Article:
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Jennifer Garner Goes Back To Work

Jennifer-Garner-Alexander-Very-Bad-Day

After a year of full-time parenting, this mother of three is set to return to the screen.

I’ve been home for a long time. It’s my turn and I’m going to go to work.

2016 is shaping up to be Jennifer Garner’s year. The mother of three, Girl Scout troop leader, and wife of the new Batman is going back to work this summer after taking a year-long break so that her husband could go to work pretending to save the world in a rubber onesie, hunt down his missing onscreen spouse in David Fincher’s wildly popular adaptation of Gone Girl, and crunch numbers by day while snapping necks at night as a mild-mannered assassin in the upcoming action-thriller The Accountant.

The decision that Ben Affleck, Garner’s other half since they fell for each other on the set of 2003’s Daredevil, would spend a year working nearly non-stop while she stayed home to dive headfirst into her role as mom to the kids, ages nine, six, and three, was a strategic one. “I chose to stay home this year and just said, ‘Go for it babe. Do it all. Do Gone Girl, do Batman, do The Accountant. Do everything.’ I want that for him and I’m happy for him. And he says the same to me,” Garner told Us Weekly in March. “I’ve been home for a long time. It’s my turn and I’m going to go to work.”

Pre-hiatus, the actor’s last roles were eclectic: she starred opposite Kevin Costner in the sports drama Draft Day, played a frontline doctor during the early days of the AIDS crisis in Jean-Marc Vallée’s multiple-Oscar-winning film Dallas Buyers Club, and goofed around with Steve Carell in Disney’s Alexander and the Terrible, Horrible, No Good, Very Bad Day. “I really choose by what I like,” Garner explained. “I thought Alexander was a super smart script. Just Steve [Carell] alone would have been enough. Gosh, I love working with that guy; he’s just the best.”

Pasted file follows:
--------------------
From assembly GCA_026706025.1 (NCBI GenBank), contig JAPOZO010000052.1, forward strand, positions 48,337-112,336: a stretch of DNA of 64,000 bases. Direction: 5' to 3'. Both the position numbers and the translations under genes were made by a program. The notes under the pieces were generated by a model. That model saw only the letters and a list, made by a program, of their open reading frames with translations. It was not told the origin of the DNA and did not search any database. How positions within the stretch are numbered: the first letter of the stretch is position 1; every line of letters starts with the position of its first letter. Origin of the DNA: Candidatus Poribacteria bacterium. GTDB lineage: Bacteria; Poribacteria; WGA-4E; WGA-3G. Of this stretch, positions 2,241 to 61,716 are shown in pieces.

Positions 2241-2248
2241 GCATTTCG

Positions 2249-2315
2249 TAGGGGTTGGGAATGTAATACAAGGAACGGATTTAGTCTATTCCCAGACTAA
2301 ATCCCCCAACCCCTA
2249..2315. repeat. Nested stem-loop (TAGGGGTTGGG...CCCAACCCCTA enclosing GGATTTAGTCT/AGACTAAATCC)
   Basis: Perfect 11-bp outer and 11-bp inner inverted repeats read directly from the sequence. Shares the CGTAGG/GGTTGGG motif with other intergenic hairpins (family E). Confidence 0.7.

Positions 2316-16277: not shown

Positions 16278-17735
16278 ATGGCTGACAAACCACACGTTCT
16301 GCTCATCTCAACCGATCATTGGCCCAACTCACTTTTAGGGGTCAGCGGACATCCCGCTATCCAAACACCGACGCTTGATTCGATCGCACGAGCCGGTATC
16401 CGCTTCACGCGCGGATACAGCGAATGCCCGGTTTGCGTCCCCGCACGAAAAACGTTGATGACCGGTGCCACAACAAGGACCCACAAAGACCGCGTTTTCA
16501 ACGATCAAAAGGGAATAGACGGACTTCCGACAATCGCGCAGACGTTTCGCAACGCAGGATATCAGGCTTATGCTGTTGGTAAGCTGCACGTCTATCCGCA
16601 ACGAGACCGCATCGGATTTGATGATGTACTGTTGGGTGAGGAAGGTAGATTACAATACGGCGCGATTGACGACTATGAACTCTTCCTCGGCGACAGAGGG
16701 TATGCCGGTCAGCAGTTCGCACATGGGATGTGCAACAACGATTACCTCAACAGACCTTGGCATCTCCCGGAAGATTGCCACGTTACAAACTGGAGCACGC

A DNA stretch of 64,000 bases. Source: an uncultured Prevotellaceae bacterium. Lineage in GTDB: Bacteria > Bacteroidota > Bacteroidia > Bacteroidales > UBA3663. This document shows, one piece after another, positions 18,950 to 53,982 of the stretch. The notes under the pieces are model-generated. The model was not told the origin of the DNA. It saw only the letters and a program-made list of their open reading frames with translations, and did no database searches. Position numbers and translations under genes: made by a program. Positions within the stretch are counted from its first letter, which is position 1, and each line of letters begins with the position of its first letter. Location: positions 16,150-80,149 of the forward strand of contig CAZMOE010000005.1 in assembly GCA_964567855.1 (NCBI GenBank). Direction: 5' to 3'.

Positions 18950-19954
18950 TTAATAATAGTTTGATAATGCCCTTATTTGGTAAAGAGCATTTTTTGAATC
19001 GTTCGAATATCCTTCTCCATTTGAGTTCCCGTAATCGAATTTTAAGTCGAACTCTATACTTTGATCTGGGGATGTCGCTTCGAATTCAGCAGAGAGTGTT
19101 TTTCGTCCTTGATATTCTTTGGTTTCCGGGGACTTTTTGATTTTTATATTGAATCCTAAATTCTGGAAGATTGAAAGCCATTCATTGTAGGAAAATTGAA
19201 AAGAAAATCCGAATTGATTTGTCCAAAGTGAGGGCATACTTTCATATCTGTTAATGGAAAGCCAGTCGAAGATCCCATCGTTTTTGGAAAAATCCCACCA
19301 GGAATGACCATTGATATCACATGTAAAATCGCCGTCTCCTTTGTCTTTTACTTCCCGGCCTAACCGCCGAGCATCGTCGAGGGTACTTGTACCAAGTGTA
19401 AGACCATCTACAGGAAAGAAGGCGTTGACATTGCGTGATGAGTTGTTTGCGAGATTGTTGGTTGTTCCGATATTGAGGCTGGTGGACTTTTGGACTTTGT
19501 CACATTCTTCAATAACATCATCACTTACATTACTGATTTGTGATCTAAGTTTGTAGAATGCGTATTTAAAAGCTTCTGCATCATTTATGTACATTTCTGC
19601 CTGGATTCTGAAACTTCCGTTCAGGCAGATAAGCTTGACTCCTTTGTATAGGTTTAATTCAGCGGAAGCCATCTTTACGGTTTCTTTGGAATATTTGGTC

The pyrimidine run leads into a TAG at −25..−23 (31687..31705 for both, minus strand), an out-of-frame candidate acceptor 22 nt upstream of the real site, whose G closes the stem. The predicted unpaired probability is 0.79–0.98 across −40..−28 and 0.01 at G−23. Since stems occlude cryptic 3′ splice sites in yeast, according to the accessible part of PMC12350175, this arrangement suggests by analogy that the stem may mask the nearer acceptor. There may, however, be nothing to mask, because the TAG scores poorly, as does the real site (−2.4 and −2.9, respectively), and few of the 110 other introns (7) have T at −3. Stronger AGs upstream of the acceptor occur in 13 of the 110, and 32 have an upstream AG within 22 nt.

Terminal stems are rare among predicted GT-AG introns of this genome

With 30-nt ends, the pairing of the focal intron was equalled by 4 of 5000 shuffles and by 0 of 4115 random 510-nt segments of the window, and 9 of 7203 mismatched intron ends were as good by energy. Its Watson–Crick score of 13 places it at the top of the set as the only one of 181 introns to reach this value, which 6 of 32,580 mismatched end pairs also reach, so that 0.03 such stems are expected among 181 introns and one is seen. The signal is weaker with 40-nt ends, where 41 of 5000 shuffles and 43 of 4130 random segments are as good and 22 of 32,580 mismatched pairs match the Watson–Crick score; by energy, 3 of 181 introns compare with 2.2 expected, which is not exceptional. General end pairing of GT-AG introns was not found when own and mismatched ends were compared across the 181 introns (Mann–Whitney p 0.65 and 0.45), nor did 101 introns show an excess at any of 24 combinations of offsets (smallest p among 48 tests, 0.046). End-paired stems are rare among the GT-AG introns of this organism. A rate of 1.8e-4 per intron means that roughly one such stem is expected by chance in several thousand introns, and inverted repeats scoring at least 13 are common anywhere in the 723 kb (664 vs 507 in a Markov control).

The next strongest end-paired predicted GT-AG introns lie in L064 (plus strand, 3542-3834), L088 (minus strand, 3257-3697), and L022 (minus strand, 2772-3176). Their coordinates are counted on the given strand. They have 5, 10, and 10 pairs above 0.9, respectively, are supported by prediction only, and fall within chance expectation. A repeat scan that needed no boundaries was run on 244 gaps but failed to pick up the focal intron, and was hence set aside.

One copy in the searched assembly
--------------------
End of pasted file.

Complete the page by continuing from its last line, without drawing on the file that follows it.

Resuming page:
In that light-hearted comedy she plays the mother in a chaotic, disaster-prone family of six. It’s one of only a handful of times that Garner has taken a mom role, which is a little surprising since the former West Virginian — who describes her no-makeup, no-pierced-ears, and no-bikinis upbringing as “just a step away from being Amish” — gives off such a palpable family-values vibe when it comes to her public image.

Or, maybe that maternal image comes from the fact that, until quite recently, we were inundated with online and grocery store checkout-line images of Garner walking her kids to school, dropping them off at dance class, buying them an ice cream, or taking them to a farmers’ market. Garner/Affleck (and their non-famous kids) are a favourite subject of the L.A. paparazzi.

Garner has reported counting as many as seven cars following her when she exits the gates of her Pacific Palisades home in the morning. It was that level of harassment that motivated her to fight to get a bill passed in California that made it illegal to photograph or film a child without the permission of a guardian. It was enacted in September 2013. “It’s been over a year, and there isn’t a day that we don’t talk about how different it is,” she said in an interview with Yahoo. “If they’re right outside your house, then when your kid wants to learn to ride a bike, it’s very uncomfortable. They don’t want to go biking in the middle of a photo shoot.”

I’m ready to be on set and talk to grown-ups...send Batman in.

The new law likely gives Garner some peace of mind when it comes to her return to work. Before she was a mother, she’d planned on bringing babies (and, no doubt, nannies and tutors) to film shoots with her, but in practice found it wasn’t a realistic way to raise kids. The tag-team parenting strategy is what works for her and Affleck, and Garner is eager for him to step into the ring. “I’m ready to be on set and talk to grown-ups,” she told People recently: “Send Batman in.”

Corrina Allen writes for Comedy, Space & Bravo.